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Roaming on Mars

This activity was written by Greg Vogt of NASA's education department, Johnson Space Centre, Houston.


The year is 2003. You are a member of a Mars Robotic Exploration Team. Two weeks ago, the NASA Pathfinder III spacecraft landed on Mars. Telemetry (radio data) from the spacecraft has indicated all systems on board are functioning perfectly. The mission director has approved the first remote investigation, which will commence tomorrow. The goal of this investigation is to look for water ice in the Martian soil.

Your team has to prepare a route map for the microrover laboratory which will depart the Pathfinder III, travel to five investigation sites, and return. The sites were determined by the science team to be locations likely to have ice deposits beneath the soil surface. The roving laboratory must visit each site and stop for 30 minutes to permit sampling tools to collect and store soil and ice samples (if present). The roving laboratory will have sufficient energy resources to operate for 5 hours.


The science team has provided your team with a map showing the location of Pathfinder III on Mars and the five sites to be studied. Also provided are topographic data of the landscape. This information is essential because there are some areas too rough or too steep for the roving vehicle to safely travel through. It is your team's objective to plot a route for the microrover to follow that will permit it to visit each site, conduct its studies, and return to Pathfinder III within the time allowed.

To confirm the route plan, you will conduct a simulation using the Roamer robot. After plotting your route on the map, you will write a program for the Roamer permitting you to test the route. Then you will program the Roamer and run a sampling mission simulation on a model of the Martian surface. If your Roamer visits each site and returns to Pathfinder III within the time allowed, you will have successfully completed your mission.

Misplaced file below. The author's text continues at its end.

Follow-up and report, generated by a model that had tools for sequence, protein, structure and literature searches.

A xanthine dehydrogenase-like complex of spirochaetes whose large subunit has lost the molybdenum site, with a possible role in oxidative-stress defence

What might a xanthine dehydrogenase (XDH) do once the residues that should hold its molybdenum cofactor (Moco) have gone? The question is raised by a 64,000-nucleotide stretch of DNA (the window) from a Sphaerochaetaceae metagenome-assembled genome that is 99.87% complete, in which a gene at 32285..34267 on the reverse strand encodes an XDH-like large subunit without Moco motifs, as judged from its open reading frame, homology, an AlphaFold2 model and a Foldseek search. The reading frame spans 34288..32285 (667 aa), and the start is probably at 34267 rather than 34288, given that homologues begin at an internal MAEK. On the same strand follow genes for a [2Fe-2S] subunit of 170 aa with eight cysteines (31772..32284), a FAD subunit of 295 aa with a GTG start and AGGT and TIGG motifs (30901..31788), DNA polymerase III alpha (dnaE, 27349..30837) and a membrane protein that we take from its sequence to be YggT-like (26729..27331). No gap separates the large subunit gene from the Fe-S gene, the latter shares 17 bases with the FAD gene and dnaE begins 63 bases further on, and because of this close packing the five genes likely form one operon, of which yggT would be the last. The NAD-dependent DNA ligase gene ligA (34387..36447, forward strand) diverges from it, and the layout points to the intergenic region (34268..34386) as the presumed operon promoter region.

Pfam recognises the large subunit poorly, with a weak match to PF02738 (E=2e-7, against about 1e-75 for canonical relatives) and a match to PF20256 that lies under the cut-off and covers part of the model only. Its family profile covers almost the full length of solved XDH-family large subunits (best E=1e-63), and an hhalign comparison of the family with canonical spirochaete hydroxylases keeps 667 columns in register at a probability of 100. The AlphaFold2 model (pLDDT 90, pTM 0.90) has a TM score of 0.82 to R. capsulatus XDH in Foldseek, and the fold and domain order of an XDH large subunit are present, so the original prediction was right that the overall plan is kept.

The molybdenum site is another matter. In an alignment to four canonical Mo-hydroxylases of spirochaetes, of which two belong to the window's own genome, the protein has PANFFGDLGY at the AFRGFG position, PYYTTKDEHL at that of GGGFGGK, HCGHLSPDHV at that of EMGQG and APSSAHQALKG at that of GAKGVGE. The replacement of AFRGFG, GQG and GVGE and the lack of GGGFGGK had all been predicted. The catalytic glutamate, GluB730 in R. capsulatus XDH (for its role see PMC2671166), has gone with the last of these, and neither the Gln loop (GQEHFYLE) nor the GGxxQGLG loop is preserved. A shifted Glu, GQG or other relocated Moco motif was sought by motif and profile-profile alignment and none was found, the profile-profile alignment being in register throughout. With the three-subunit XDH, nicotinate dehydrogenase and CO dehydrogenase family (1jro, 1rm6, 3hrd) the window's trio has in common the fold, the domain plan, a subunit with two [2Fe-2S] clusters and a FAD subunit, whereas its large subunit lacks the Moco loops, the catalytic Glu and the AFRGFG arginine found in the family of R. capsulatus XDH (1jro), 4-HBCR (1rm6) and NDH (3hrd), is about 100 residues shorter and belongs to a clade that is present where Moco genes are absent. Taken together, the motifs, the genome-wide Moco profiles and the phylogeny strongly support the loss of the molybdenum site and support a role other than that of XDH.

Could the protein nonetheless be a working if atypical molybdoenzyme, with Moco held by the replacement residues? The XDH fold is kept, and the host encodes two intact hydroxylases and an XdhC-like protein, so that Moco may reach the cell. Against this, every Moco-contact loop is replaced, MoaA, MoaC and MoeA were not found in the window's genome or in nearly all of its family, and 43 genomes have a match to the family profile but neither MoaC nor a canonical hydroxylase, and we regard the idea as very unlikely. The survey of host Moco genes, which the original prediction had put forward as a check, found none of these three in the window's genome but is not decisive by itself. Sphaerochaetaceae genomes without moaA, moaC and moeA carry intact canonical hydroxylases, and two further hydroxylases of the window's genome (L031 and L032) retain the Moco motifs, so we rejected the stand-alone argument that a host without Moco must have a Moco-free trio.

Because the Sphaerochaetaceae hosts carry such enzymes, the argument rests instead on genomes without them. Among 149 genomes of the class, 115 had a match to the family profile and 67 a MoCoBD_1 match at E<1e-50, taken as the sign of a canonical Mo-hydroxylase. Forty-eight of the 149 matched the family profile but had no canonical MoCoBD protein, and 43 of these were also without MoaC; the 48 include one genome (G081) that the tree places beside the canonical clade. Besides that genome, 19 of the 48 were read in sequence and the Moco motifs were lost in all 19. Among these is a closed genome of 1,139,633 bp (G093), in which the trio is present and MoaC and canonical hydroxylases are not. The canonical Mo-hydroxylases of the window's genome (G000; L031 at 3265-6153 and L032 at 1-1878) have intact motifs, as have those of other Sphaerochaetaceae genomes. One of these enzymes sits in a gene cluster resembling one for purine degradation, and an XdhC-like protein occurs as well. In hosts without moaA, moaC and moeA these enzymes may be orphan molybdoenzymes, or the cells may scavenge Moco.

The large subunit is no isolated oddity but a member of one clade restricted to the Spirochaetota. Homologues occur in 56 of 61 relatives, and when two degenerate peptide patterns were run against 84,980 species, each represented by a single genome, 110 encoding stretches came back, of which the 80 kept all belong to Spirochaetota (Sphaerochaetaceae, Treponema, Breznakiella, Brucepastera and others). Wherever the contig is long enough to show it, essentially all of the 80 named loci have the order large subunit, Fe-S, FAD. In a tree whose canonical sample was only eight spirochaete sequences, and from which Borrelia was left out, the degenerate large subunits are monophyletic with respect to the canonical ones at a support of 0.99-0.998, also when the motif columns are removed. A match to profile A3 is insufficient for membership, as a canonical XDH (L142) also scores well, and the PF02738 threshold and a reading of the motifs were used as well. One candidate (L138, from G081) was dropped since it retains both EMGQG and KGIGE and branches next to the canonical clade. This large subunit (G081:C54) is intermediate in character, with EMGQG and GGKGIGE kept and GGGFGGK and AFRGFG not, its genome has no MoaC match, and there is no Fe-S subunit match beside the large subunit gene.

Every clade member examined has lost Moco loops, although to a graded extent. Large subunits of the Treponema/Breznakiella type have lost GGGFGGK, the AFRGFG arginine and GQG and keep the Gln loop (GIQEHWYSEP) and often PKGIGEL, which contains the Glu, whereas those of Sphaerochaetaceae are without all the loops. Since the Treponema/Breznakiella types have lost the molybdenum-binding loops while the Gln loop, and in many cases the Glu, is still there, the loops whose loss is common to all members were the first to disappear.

Because you are doing a model study, you will be employing various scales for measurement. The map will have a scale of 1:10. This means that one centimetre on your map will equal 10 centimetres on the model. The model, however will have its own scale compared to the actual Martian surface. The scale will be 1:1000. This means that one centimetre on your model will equal 1000 centimetres (10 metres) on Mars. You will also use a 1:60 scale for time. One second of Roamer operating time on your model will equal one minute of microrover operation on Mars. You are limited to 5 hours of operating time on Mars. Therefore you are permitted only 5 minutes of operating time on your model.

Background Information

Mars is a small planet of about 6,800 kilometres in diameter. The gravity force at the Martian surface is about 38 percent that at Earth's surface. A 70 kilogram person on Earth would weigh only 27 kilograms on Mars.

Mars rotates on its axis every 24 hours and 37 minutes. Its axis is tilted like Earth's, causing the planet to have seasons. Because Mars is further from the sun that Earth and has a longer orbit, its seasons are almost twice as long as Earth's. The temperature at the surface ranges from a cold -133 degrees Celsius to a high of 27 degrees Celsius.

The atmosphere of Mars is very thin. The pressure is about the same that exists on Earth at an altitude of 37,000 meters (about 4 times higher than Mount Everest). Because of the very low pressure, about 125th that of Earth's atmosphere, liquid water cannot exist on Mars's surface. Previous spacecraft missions have detected ice in the Martian polar caps but none in the equatorial regions.

One of the important questions about Mars is what happened to Mars's water. The 1971 Mariner 9 mission to Mars photographed small channels on the Mars surface that look very much like water-cut channels on Earth. Later spacecraft also observed the channels. Scientists have speculated that Mars may have had a thicker atmosphere in its distant past. If so, Mars could have had lakes and oceans, rain and snow. Water runoff could easily have cut the channels. However, no spacecraft has discovered any of water ice being present in these locations. One of the objectives of the Pathfinder III mission is to try to find waterice on Mars and analyse any gas that might be frozen inside it. The gas would tell scientists what Mars's atmosphere was once like.

Microrover Mission

  © 2004. Amethyst Consultancy Ltd.